TEACHER: You’re very frustrated the first year, feeling like there are all these issues in the schools and several things that just go beyond teachers, for any of the teachers, you know, supplies, funding, social service for these kids, helping them to get through the day, because they need to deal with other issues instead of just coming to school. They have a lot that they come to school with.

HAROLD LEVY: One of the great frustrations for me has been trying to figure out how to get more resources in the school as well. I mean, it’s such a nightmare because every time you make the pitch that there’s not enough money, people say, “oh, $12 million it’s enough.” And, of course, it’s not.

DANA GOLDBERG: I think it’s very important that fellows are with other fellows in their school. We have each other, and quite honestly, if we didn’t, some of us might not be here right now.

HAROLD LEVY: Tell me about the kids. Tell me… have you enjoyed it from that point of view?

DANA GOLDBERG: Absolutely. That’s the best part of the whole job, are the kids.

JACK NASTASI: I can’t get enough of them. Even when I want to leave at 4:00 or 5:00, I end up going to the school yard and playing basketball or doing something.

JOHN MERROW: The teaching fellows program has expanded rapidly. In its second year, it recruited 1,150 fellows; in its third year 16,000 men and women applied and 2,000 have been accepted into the program. But expansion has brought criticism.

JOHN MERROW: What about on-the-job training? There are those people who say that is cruel and unusual punishment for the kids.

HAROLD LEVY: As well as people who say it’s cruel and unusual for teachers. It’s not just on-the-job training. It’s a lot more than that, as you know. It’s getting them early, training them in the best and most rigorous way they can. This is really not an alternative career or an alternative teacher model. What it really is, is a very traditional teacher model, what we’ve just gone after alternative career changers. In other words, we’re giving these people the same thing that teachers who take traditional masters of education get, and the universities that have worked with us have provided a very rigorous program.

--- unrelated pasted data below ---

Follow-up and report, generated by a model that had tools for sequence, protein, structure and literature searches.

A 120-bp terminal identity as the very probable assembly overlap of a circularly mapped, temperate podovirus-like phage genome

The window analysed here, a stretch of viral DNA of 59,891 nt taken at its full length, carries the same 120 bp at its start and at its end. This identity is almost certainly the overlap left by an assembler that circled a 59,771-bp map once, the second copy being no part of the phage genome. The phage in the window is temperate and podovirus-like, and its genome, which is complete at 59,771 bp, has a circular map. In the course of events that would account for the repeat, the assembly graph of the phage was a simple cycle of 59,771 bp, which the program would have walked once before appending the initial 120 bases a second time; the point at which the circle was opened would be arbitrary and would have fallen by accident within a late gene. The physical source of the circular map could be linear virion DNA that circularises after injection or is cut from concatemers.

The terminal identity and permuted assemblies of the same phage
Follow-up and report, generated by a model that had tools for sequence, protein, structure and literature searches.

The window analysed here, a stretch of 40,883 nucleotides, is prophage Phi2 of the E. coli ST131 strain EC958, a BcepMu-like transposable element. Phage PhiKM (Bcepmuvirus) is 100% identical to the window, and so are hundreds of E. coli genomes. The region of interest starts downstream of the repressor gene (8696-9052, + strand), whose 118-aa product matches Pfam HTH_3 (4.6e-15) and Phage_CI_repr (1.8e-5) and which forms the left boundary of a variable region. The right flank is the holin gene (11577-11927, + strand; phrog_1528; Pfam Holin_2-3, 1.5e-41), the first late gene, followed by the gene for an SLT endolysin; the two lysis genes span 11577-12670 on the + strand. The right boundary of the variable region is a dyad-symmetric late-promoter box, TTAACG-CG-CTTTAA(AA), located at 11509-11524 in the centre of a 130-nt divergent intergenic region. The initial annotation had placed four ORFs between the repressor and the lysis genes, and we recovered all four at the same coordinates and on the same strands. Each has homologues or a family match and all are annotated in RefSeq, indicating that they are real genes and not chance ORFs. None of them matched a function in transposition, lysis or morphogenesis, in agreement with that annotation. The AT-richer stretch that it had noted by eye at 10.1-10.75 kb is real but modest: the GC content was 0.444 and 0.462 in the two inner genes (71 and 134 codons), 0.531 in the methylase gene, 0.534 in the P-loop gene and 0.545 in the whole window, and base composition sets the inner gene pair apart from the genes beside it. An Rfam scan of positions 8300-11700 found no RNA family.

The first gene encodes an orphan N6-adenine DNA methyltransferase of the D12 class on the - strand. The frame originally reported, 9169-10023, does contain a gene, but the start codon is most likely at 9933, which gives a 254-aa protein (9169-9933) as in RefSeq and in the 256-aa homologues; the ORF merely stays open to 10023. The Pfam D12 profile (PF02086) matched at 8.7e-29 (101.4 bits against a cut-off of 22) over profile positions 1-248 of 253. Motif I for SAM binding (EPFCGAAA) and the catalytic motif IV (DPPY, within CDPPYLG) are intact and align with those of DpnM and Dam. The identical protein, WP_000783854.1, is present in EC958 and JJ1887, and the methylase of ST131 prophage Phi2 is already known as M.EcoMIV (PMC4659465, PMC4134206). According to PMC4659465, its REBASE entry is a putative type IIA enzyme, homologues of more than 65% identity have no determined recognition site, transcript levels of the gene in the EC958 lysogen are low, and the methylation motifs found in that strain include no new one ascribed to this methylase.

JOHN MERROW: But Chancellor Levy, they start teaching in September having had a few weeks of training. Is that fair to the kids?

HAROLD LEVY: I think because we’ve chosen as carefully as we have, I think it winds up being a strong teaching force, and that they are capable of doing it.

JOHN MERROW: The teaching fellows also defend on-the-job training.

JACK NASTASI: We have to. I mean, there’s no other way to learn how to do anything without hands on.

DANA GOLDBERG: We learned a lot more through our experience teaching than actually sitting in a classroom and learning how to teach.

TEACHER: I think that they learned just as much or more than they would have learned with anybody else.

HAROLD LEVY: They’re terrific. They’re so uplifting and they just make you feel like we can do it, we can get through this, and we can make sure that everybody knows how to… every child knows how to read.

TEACHER: Every time you read something, what do I make you do? You do questions?

STUDENT: Book report.

TEACHER: Okay, a book report, or we’re going to…

STUDENT: Write about it.

TEACHER: Write about it.

HAROLD LEVY: My bet, John, was that we could find people who were dedicated to teaching, to doing something that was altruistic beyond just doing it for money. And it’s so clear to me that we found them.

JOHN MERROW: The city may have found them but after getting a free master’s degree and completing their two-year commitment, would they stay? Renee?

RENEE CASON: Well, next year I’m going to be back and I’m going to teach second grade.


JANICE WRIGHT: I’ll be teaching fifth grade again next year here in this school, yes.

JACK NASTASI: Same room, same class number. Sixth grade, yeah.

JOHN MERROW: Back for a third year?

JACK NASTASI: Third year.

TEACHER: I’ll be teaching fifth grade again in the same room.

JOHN MERROW: Dana Goldberg will also be teaching next year.

DANA GOLDBERG: Good job guys. Give yourselves a pat on the back.

JOHN MERROW: But in a public school in Chicago.

DANA GOLDBERG: It’s definitely going to be really hard for me, because I’ve had these two years now. And I think it’s going to be really hard for them also.

JOHN MERROW: New York City began the teaching fellows program in desperation. It simply didn’t have enough teachers, and it was willing to gamble that dedicated people could learn to teach on the job. As far as the city is concerned, the gamble has paid off.